‘The Great Portion of the Scum of Society’? Representations of Execution Crowds in the Lancashire Press, 1830-1868
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From 1830 to the abolition of public executions in 1868, there was a growing critique of the execution crowd among elite commentators. To date, however, most, if not all, discussion of this critique has focused on the metropolis, elite groups and decision makers and on national newspapers such as The Times. The aim of this article is to shift the focus away from the metropolis towards the provinces, by exploring how the execution crowd was represented in the provincial press. While there have been several analyses of how executions were represented in the provincial press during the period, there has been little sustained discussion of how the crowd were represented. Drawing on a sample of 145 accounts of executions published between 1830 and 1868 it will explore how the execution crowd was presented in four Lancashire newspapers, the Liverpool Mercury, Manchester Times, Lancaster Gazette and Manchester Courier. It will show how the majority of reports depicted the crowd in neutral terms, passing no commentary – either negative or positive – on their composition or behaviour. One newspaper, however, the liberal Liverpool Mercury, consistently reported execution crowds in negative terms as part of its broader critique of capital punishment and public executions.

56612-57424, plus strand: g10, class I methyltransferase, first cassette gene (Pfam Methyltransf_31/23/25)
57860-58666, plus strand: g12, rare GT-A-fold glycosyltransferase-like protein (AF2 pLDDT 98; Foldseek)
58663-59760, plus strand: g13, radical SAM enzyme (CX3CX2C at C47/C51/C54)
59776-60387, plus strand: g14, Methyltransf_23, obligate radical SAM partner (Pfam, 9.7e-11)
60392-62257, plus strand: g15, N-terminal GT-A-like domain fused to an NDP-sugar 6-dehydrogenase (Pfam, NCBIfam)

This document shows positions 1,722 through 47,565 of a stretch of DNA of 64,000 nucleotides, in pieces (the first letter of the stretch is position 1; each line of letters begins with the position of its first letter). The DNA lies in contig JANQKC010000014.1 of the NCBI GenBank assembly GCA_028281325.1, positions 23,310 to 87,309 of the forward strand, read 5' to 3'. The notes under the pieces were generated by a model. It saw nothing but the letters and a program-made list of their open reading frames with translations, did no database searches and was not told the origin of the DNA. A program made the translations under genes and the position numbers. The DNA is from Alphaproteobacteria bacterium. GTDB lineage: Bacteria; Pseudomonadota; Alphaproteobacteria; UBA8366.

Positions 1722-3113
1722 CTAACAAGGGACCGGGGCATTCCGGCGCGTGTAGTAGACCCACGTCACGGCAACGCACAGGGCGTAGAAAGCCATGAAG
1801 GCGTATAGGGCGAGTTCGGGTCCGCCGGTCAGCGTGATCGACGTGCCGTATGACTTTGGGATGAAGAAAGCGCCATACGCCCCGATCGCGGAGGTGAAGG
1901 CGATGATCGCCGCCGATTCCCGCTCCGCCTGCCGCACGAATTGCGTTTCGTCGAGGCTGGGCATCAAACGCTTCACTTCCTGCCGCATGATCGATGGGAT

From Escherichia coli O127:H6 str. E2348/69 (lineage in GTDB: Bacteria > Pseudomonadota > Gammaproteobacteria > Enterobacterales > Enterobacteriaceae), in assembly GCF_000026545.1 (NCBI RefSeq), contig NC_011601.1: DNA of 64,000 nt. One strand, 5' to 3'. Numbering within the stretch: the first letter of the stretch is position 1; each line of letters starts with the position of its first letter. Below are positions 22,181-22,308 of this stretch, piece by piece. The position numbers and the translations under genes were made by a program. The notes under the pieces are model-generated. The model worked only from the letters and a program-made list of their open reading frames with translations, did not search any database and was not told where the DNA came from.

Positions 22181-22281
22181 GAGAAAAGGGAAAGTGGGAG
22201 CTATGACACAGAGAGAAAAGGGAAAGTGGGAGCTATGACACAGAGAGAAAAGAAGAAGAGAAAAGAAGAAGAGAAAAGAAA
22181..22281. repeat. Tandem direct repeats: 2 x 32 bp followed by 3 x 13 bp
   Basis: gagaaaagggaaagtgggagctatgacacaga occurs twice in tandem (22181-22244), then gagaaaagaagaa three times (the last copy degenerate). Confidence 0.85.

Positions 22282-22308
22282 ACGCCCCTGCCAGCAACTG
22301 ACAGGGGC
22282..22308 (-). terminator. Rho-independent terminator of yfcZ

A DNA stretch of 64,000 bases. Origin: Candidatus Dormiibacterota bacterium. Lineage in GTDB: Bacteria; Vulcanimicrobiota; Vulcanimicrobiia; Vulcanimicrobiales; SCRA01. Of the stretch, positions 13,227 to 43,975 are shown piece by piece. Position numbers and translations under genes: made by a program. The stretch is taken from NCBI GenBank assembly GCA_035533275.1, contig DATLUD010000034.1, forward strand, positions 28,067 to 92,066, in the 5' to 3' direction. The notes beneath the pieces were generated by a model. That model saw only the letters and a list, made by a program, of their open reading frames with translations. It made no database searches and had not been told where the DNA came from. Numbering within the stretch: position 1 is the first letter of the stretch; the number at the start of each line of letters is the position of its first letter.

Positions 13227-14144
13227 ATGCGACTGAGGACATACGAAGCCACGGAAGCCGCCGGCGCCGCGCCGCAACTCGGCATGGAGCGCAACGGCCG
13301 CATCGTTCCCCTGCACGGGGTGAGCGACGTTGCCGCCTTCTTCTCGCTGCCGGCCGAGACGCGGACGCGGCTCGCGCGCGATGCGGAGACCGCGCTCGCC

Walliss, J. (2016) '‘The Great Portion of the Scum of Society’? Representations of Execution Crowds in the Lancashire Press, 1830-1868', Law, Crime and History, 6(2), pp.54-70. Available at: https://pearl.plymouth.ac.uk/handle/10026.1/8937
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